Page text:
I run across myself on other people's blogs from time-to-time and it's a little disconcerting -- not as a link, but as myself -- or maybe just a character that's playing Me in their lives, in that usual Larry David fashion most all writers employ. Or as my BFF put it, "oh, you mean like people do on your blog every day." (And perhaps this would be the right time to correct the record and point out that she calls me "Raymond" after the character in "Rainman" when she says "don't worry, we'll get you your toothpicks Raymond." I really did think she was calling me Rainman... but I guess Raymond is equally funny, and perhaps more politically correct.)
I work in a public field and I have to take what comes. No one's more thin-skinned than I am, and I think the only time I have ever been quoted accurately is when I said "No Comment," when I was asked to say something for the record about Tubby Smith (I sure wish I'd said it the first three times that happened, although anybody who knows me knows there's no one less qualified to comment on Tubby Smith than I am, even though I agree that he was probably a fine, fine person, but one who simply did not fit the job description -- which is to go to the Final Four -- and yes, we all know he won one, but that was with a team he inherited and he never built his own program, so don't get me started.)
Over the years, I have dated artists and seen myself (Nude) in their shows. I've dated musicians and heard myself in a song or two on the radio. I've dated writers and seen myself in one novel, and a short story here and there. Those have been the exceptions though. Mostly I've stuck with doctors, lawyers, engineers, and architects, and by and large, they've let me do the narrating. As expected, they're pretty good sports as long as they come across lively and charming and delightful, and less so when they don't. To the extent that they insert themselves into, and or withdraw from my life (so to speak), they occupy limited public figure status. I try to be equal parts vague and respectful. I leave their jobs, their kids, and their identifying characteristics out of it. Except for, ok, ok...that one surgeon who had a few irresistible med school rotation stories (better make that two surgeons, because I am now thinking of two different stories -- one involving a melted penis and one involving a severed finger). I have a lot of rules about only picking on people my own size, and if I'm going to willingly embarrass anybody, it's usually going to be me.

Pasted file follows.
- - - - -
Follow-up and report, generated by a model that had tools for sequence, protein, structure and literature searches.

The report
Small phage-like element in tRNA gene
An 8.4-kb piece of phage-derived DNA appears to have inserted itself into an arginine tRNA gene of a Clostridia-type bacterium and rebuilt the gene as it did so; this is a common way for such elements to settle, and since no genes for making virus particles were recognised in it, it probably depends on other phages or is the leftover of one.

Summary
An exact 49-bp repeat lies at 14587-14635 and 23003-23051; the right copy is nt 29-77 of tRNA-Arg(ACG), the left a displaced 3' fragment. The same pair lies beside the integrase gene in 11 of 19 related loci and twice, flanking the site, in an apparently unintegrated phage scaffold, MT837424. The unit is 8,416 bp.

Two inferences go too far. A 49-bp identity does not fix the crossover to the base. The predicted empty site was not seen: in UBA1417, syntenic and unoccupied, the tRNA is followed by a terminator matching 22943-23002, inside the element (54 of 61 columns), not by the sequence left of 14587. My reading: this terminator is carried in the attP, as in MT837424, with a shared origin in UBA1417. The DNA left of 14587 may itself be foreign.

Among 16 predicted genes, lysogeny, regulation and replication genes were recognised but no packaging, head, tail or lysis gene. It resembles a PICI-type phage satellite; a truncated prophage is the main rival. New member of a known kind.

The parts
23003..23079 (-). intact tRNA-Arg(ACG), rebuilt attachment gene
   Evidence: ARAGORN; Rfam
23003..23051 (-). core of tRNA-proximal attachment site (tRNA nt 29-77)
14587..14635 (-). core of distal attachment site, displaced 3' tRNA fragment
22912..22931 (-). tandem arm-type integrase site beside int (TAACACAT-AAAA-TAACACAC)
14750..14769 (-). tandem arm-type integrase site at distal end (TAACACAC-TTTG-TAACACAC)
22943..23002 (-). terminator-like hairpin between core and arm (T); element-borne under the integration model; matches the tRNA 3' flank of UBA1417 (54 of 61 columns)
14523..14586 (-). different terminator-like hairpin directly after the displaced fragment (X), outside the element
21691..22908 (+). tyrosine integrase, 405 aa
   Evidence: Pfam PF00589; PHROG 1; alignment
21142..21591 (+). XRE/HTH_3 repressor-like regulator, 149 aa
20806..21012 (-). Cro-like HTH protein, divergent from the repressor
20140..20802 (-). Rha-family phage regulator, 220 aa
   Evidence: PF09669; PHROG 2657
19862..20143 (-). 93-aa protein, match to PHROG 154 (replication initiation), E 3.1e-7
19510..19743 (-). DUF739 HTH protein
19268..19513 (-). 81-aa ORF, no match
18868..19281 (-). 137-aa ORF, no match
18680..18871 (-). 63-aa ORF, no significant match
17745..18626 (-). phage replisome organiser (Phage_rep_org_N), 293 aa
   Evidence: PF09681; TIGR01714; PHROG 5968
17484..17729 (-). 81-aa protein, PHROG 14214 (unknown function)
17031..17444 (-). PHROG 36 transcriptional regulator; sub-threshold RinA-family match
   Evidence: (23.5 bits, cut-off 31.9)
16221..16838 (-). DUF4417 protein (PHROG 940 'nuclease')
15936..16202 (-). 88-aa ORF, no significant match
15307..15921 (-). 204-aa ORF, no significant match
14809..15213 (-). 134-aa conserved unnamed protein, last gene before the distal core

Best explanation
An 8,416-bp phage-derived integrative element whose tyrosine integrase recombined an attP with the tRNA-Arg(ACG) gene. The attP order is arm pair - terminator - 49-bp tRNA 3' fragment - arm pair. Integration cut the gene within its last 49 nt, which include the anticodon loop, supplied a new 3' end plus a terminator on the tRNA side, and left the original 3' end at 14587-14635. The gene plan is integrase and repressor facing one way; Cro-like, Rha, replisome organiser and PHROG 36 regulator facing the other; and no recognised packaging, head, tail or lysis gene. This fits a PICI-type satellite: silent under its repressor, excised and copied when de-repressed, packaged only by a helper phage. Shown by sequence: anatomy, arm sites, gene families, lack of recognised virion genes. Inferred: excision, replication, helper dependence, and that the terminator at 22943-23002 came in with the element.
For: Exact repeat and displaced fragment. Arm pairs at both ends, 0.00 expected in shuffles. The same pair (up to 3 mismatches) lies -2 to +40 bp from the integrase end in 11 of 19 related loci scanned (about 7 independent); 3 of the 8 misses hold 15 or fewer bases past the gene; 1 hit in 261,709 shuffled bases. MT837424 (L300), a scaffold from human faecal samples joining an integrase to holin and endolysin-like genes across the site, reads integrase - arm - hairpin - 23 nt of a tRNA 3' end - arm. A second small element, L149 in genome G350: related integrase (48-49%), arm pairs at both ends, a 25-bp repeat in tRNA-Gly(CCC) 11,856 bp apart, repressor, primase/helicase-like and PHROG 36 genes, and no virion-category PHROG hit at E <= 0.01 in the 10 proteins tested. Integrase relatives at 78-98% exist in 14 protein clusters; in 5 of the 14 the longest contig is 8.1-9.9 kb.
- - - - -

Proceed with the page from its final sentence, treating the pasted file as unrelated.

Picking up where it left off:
That's in Writing. For the blog, for the column, and for the last book (and the one in-progress). In real life, I have even more stringent rules about who's in and who's out.
So the blog I read today (now a few weeks old) reduced me to tears when I realized that as easily hurt as I am, I am all-the-more obliged to look out for those who love me than I am for myself -- especially those who have tenure (defined as 25 years or longer with me). Some things, they don't sign on for. I don't want to link to it (even though it's obviously a public blog), but I will quote a little of the part I found the most touching, in the post "Dreaming About Calculus," -- "my patterns of behavior were pretty much cemented somewhere on the playground in the 4th grade. It is in my nature to greet everyone with a smile and offer to share my peanut butter & jelly sandwiches with them." It was a blog about a recent episode of naivete, and how wrong he felt he'd been about someone (presumably from the time and date stamp, he was likely referring to someone I rather uncharacteristically and cavalierly brought into everyone's lives, who turned out to be not-what-we-thought...not what-was-presented -- not a bad person, we all still hope, maybe just weak). I felt devastated to see my friends so taken for granted when it takes decades to get this level of trust, and we all earned ours. In this case, their kindness was presumed--"so, I guess they're this nice to everybody," --and no, they're not. In truth, no one's ever been invited in. Til now. It was an honor to be there in the first place, and not one that should've been taken so trivially. The blog concluded, "I've not been that stupid when I've traveled to Cairo or into the slums of Brazil. Reasoning does win out over even the best of our human nature. Still, the self-preservation dance often does give way to simple dopey optimism."
Since I was 17 years old, I have known him to freely share his peanut butter and jelly sandwiches, his sandbox, and his toys. (Don't even get me started on the freshman year Slip 'n Slide -- where, as I recall, one frat brother broke his arm and came away visibly chagrined from the phone call to his dad where he had to obtain the family insurance information. I don't remember the exact particulars, but I do remember the conversation ended with, "I didn't have the balls to tell him it was my fuckin' Slip 'n Slide.")
I'm pretty vain though. With any luck, he was blogging about someone I've never even met.
Because his dopey optimism is one of his very, very best features, and I sure hope I haven't done anything to dent it. (My optimism was never up for grabs.)